Now, to a marketing guy, that’s really funny. And smart.  My daughter was shocked and delighted, which pleased me to no end.

After that, Piccarra went on to plug the new Mad 60th Anniversary book and its daily blog, highlighting stuff from both, which was interesting when recounting history and funny when showing material.  Piccarra recounted the long, oft-appealed lawsuit by Irving Berlin that Mad ultimately won, and tidbits about the annual international excursion for the entire staff that founder/publisher Bill Gaines led for years (but no more).

They also showed classic material through the years from the book, as well as immediate material from the previous week or so from their blog, The Idiotical; both book and blog contained work from all the guys on the panel, “the usual gang of idiots,” including the legendary writer/artist Sergio Aragonés (now on a cane but sharp as ever), and editors Sam Viviano and Ryan Flanders and artists Angelo Torres, Tom Richmond, and Peter Kuper.

I remembered and nostalgically enjoyed a lot of the earlier material, since I read Mad for about a decade from the age of 8 and then sporadically afterward, but I was most pleased and impressed by how Mad’s blog and latest material is just as timely and funny. Lots of topical political end entertainment humor, and they’ve still got the balls to push it maybe just a little too far.

After that, we walked the floor for a while, picking up tchotchkes for the kids, and then around the Gaslamp District, which was peaking in full madness.  Will Ferrell and Zack Galifianakis made an appearance in the street. Costumes galore.  A Butterfinger-branded truck appeared out of nowhere and stopped in the middle of the street and started tossing candy and men’s briefs by the armload to a crazy swarm of humanity. We ended up with five candy bars and four sets of the briefs, in a variety of sizes, all reading “Barmageddon” “The End is Near” on front and back.

The next day, I got up earlier to take my son to the LEGO “Ninjago” panel, while my daughter took a comic drawing class.  Comic-Con did not plan an appropriate room for the Ninjago fans; I got an inkling early when I headed down to the front desk at my apartment to pick up that day’s newspapers and ran into a neighbor who was leaving at 7:30 to get in line for the Ninjago panel at 10:30.  We weren’t nearly so diligent, got there about a half hour early, and literally ended up with the last seat in the house, having to share the chair with my 10-year old son on my lap, who, at nearly 90 pounds of mostly muscle, is no longer a joy to hold for any length of time.

I don’t watch “Ninjago” with my son, though I’ve seen parts of it. I don’t think  it’s anything special, and I don’t like the toy/television tie-in, because it seems to me like LEGO  is best when children embrace their imagination to create their own things freely, not get locked into pre-determined builds through characters like Star Wars and Batman, who have very successful LEGO products and video games.  But LEGO knows a winner when they cash the checks for one, and thus Ninjago, featuring LEGO Corporate created characters, meaning no messy sharing of profits with George Lucas or DC Comics.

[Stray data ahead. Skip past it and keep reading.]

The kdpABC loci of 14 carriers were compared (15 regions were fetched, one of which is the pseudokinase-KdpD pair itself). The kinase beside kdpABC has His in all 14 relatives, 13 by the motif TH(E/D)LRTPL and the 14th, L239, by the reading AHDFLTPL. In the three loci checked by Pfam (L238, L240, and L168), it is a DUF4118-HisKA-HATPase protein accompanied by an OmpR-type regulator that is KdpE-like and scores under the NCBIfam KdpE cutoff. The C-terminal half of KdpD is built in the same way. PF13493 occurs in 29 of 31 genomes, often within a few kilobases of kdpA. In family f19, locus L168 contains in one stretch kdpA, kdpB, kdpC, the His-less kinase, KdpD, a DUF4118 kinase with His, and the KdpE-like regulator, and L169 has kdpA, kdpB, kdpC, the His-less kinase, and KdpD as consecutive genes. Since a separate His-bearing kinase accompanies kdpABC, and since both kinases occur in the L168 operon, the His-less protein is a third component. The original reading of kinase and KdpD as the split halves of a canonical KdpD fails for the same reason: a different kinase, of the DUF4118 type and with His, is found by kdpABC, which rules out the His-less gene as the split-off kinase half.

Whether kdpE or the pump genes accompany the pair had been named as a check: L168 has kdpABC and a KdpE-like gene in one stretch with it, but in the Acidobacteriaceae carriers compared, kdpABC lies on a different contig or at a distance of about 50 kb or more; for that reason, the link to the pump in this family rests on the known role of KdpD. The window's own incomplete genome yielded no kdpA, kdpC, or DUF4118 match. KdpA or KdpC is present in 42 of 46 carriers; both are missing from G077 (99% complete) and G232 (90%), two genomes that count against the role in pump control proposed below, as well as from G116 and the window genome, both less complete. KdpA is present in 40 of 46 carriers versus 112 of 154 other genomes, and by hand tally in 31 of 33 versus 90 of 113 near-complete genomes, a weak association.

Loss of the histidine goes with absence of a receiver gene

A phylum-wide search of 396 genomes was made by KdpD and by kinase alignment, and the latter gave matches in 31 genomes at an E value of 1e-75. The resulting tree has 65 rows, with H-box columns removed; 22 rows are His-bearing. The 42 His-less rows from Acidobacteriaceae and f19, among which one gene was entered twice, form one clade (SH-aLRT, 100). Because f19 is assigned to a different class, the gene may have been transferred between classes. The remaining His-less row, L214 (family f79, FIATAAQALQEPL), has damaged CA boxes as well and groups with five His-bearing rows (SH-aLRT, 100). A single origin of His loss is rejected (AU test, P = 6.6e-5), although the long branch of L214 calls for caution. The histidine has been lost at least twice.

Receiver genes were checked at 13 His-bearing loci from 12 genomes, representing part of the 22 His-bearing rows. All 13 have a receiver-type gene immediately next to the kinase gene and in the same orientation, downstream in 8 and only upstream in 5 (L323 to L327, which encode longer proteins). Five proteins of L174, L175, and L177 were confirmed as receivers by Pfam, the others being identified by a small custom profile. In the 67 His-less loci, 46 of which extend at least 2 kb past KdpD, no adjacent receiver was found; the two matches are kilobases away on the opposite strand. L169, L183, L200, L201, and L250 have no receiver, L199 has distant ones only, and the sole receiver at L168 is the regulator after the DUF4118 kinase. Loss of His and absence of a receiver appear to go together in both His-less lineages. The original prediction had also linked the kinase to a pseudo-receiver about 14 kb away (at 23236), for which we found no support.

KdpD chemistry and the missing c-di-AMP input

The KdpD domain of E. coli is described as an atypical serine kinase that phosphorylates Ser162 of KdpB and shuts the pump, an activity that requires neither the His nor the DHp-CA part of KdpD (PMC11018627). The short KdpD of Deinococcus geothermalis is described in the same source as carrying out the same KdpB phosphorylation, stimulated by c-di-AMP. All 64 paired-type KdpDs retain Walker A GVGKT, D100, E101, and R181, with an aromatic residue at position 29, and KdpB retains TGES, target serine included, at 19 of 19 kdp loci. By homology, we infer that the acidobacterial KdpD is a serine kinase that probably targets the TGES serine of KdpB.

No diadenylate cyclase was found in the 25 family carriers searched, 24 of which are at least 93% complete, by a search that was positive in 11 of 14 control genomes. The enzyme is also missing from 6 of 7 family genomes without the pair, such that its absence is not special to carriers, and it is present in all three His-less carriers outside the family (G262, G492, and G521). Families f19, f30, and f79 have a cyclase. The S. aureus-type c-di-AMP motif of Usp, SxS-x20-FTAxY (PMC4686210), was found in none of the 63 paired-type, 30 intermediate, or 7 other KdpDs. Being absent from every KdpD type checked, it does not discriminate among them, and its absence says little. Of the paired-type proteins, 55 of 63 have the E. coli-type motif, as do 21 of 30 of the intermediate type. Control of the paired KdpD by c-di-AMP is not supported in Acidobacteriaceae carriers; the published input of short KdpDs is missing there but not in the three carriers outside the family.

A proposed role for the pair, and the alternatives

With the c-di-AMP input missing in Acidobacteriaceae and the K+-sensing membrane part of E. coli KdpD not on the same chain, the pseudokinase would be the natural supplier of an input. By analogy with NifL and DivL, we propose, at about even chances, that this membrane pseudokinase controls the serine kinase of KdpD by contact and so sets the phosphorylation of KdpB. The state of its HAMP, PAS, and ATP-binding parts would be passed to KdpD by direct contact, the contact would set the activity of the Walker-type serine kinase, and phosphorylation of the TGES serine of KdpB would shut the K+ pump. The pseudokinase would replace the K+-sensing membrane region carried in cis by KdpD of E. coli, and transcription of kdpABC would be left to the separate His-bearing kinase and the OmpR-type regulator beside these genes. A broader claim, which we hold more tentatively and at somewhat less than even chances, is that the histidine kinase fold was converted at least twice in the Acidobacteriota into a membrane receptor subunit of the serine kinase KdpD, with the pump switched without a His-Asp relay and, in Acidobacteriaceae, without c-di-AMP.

With unseen footage, teases for the coming season, and backstories for the characters and their creation, my son was rapt, while I found more revealing of how research and marketing drives what our children see today. The panelists from the series and the toy making divison said LEGO did tons of research talking to kids about what they wanted to see, and Ninjas topped the list.  They tested villains, outfits, supporting character types, equipment, weapons, vehicles, and found out what the late single-digit age groups wanted to see and gave it to them. As a result, Ninjago is the most successful LEGO property ever, the panel told us.

So that could’ve been a drag for me to sit through, but the magnetic interest of all the kids in the audience made it okay. There was a long line of questions from pre-tweens, and those are always fun to hear, particularly when it’s from some youngster who has an incredible memory of the show’s mythology and asks some deeply obscure question.

After the Ninjago panel, we hooked back up with my daughter and went to the Cartoon Voices panel, which was packed with kids eager for fun...but a complete flop:  inappropriate, full of Hollywood glad-handing, and, worst of all, boring.  Panelists cursing, making all kinds of sex jokes and comments, at one point the almost surreally self-involved Rob Paulson – who showed up late -- gave a shoutout to a woman in the audience who just took his room key, telling her he was looking forward to her coming over later, which raised a bunch of eyebrows on the parents around me.

The panelists also weaved effusive tributes to each other and the legends of voice talent, living and dead, and it went on and on and on and on and I was bored but prepared to suffer through it, when my son said, “This is boring. Can we get out of here?” and we left my daughter, who told us at the end they did a funny version of Snow White in all different voices, so I probably missed the one thing that might’ve made it worth seeing.

My son went home, but my daughter and I stuck around to catch one of the last official events at Comic-Con – the musical episode of “Buffy the Vampire Slayer,” complete with audience sing-along. She was not particularly impressed, but said “It’s probably because I’m not really familiar with any of the characters.”  That’s something we’ll change.  Just not yet.